# Dehn surgery

In topology, a branch of mathematics, a **Dehn surgery**, named after Max Dehn, is a construction used to modify 3-manifolds. The process takes as input a 3-manifold together with a link. It is often conceptualized as two steps: *drilling* then *filling* (also known as Dehn-tistry).

## Definitions[edit]

- Given a 3-manifold and a link , the manifold
*drilled along*is obtained by removing an open tubular neighborhood of from . The manifold*drilled along*is also known as the link complement, since if one removed the corresponding closed tubular neighborhood from , one obtains a manifold diffeomorphic to . - Given a 3-manifold with torus boundary components, we may glue in a solid torus by a homeomorphism (resp. diffeomorphism) of its boundary to the torus boundary component of the original 3-manifold. There are many inequivalent ways of doing this, in general. This process is called
**Dehn filling**. **Dehn surgery**on a 3-manifold containing a link consists of drilling out a tubular neighbourhood of the link together with**Dehn filling**on all the components of the boundary corresponding to the link.

We can pick two oriented simple closed curves *m* and *ℓ* on the boundary torus of the 3-manifold that generate the fundamental group of the torus. This gives any simple closed curve on that torus two coordinates *p* and *q*, each coordinate corresponding to the algebraic intersection of the curve with *m* and *ℓ* respectively. These coordinates only depend on the homotopy class of .

We can specify a homeomorphism of the boundary of a solid torus to *T* by having the meridian curve of the solid torus map to a curve homotopic to . As long as the meridian maps to the **surgery slope** , the resulting Dehn surgery will yield a 3-manifold that will not depend on the specific gluing (up to homeomorphism). The ratio *p*/*q* is called the **surgery coefficient**.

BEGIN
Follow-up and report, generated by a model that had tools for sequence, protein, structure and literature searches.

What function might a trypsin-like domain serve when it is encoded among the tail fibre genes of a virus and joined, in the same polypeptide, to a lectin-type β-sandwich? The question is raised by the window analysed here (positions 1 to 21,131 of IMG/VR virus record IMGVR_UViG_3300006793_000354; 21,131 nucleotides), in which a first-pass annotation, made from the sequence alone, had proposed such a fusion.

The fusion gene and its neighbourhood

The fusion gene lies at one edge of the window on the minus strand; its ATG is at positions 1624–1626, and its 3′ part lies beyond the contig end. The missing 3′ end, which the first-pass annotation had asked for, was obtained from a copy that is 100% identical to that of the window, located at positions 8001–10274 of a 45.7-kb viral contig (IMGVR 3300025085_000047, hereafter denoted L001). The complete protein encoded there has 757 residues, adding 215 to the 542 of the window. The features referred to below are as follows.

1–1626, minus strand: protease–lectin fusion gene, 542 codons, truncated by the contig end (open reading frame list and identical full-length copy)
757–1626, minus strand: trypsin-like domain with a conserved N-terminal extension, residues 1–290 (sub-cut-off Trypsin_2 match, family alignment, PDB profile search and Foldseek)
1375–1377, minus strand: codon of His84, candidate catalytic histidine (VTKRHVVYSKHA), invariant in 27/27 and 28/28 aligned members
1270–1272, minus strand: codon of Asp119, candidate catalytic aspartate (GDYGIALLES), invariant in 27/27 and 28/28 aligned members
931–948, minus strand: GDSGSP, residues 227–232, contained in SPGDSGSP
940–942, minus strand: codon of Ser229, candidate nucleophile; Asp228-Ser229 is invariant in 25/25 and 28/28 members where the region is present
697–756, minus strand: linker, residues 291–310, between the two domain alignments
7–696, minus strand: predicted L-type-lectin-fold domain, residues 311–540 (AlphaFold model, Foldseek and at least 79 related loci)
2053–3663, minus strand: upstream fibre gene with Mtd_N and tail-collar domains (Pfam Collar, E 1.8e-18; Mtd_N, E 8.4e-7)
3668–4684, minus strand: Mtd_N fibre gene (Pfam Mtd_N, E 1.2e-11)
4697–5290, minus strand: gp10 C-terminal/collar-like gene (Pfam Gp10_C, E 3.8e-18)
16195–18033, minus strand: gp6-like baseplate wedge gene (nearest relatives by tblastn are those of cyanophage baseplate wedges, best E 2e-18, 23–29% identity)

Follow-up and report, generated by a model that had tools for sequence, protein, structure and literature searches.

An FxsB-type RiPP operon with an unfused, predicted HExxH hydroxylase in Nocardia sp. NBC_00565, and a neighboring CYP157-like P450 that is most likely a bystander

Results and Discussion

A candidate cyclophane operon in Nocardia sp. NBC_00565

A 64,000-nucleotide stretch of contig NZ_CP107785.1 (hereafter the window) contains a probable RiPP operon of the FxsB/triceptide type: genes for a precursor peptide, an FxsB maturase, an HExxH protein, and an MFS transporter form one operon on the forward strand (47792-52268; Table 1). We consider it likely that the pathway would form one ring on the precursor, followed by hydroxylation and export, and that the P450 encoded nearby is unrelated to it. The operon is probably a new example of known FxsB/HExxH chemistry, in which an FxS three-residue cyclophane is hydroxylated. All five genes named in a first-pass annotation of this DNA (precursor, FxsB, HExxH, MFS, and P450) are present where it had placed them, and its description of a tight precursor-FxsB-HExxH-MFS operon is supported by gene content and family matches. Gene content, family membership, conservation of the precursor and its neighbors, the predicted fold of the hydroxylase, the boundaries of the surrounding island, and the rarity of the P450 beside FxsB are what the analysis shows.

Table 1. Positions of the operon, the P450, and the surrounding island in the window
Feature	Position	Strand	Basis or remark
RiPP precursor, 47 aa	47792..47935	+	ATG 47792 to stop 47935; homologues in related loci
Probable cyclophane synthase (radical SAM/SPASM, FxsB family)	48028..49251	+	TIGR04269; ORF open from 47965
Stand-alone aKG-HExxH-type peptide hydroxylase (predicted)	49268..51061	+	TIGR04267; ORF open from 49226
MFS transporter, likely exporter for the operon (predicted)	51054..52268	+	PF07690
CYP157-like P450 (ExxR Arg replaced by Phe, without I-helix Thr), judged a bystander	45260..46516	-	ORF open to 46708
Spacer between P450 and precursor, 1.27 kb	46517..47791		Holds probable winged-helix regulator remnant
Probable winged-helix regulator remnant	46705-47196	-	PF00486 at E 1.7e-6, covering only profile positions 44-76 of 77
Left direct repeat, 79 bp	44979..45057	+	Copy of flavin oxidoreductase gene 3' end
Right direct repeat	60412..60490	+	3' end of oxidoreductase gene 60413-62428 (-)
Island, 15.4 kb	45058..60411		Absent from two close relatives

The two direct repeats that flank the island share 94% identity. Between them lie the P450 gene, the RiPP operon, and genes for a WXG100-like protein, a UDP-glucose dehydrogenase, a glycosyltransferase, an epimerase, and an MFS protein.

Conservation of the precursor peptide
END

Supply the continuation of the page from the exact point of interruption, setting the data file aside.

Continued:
In the case of links in the 3-sphere or more generally an oriented homology sphere, there is a canonical choice of the meridians and longitudes of *T*. The longitude is chosen so that it is null-homologous in the knot complement—equivalently, if it is the boundary of a Seifert surface. The meridian is the curve that bounds a disc in the tubular neighbourhood of the link. When the ratios *p*/*q* are all integers, the surgery is called an *integral surgery*. Such surgeries are closely related to handlebodies, cobordism and Morse functions.

## Results[edit]

Every closed, orientable, connected 3-manifold is obtained by performing Dehn surgery on a link in the 3-sphere. This result, the Lickorish–Wallace theorem, was first proven by Andrew H. Wallace in 1960 and independently by W. B. R. Lickorish in a stronger form in 1962. Via the now well-known relation between genuine surgery and cobordism, this result is equivalent to the theorem that the oriented cobordism group of 3-manifolds is trivial, a theorem originally proved by Vladimir Abramovich Rokhlin in 1951.

Since orientable 3-manifolds can all be generated by suitably decorated links, one might ask how distinct surgery presentations of a given 3-manifold might be related. The answer is called the Kirby calculus.

## See also[edit]

- Hyperbolic Dehn surgery
- Tubular neighborhood
- Surgery on manifolds, in the general sense, also called spherical modification.

## References[edit]

- Dehn, Max (1938), "Die Gruppe der Abbildungsklassen",
*Acta Mathematica*,**69**(1): 135–206, doi:10.1007/BF02547712. - Thom, René (1954), "Quelques propriétés globales des variétés différentiables",
*Commentarii Mathematici Helvetici*,**28**: 17–86, doi:10.1007/BF02566923, MR 0061823^{[permanent dead link]} - Kirby, Rob (1978), "A calculus for framed links in
*S*^{3}",*Inventiones Mathematicae*,**45**(1): 35–56, doi:10.1007/BF01406222, MR 0467753. - Fenn, Roger; Rourke, Colin (1979), "On Kirby's calculus of links",
*Topology*,**18**(1): 1–15, doi:10.1016/0040-9383(79)90010-7, MR 0528232. - Gompf, Robert; Stipsicz, András (1999),
*4-Manifolds and Kirby Calculus*, Graduate Studies in Mathematics,**20**, Providence, RI: American Mathematical Society, doi:10.1090/gsm/020, ISBN 0-8218-0994-6, MR 1707327.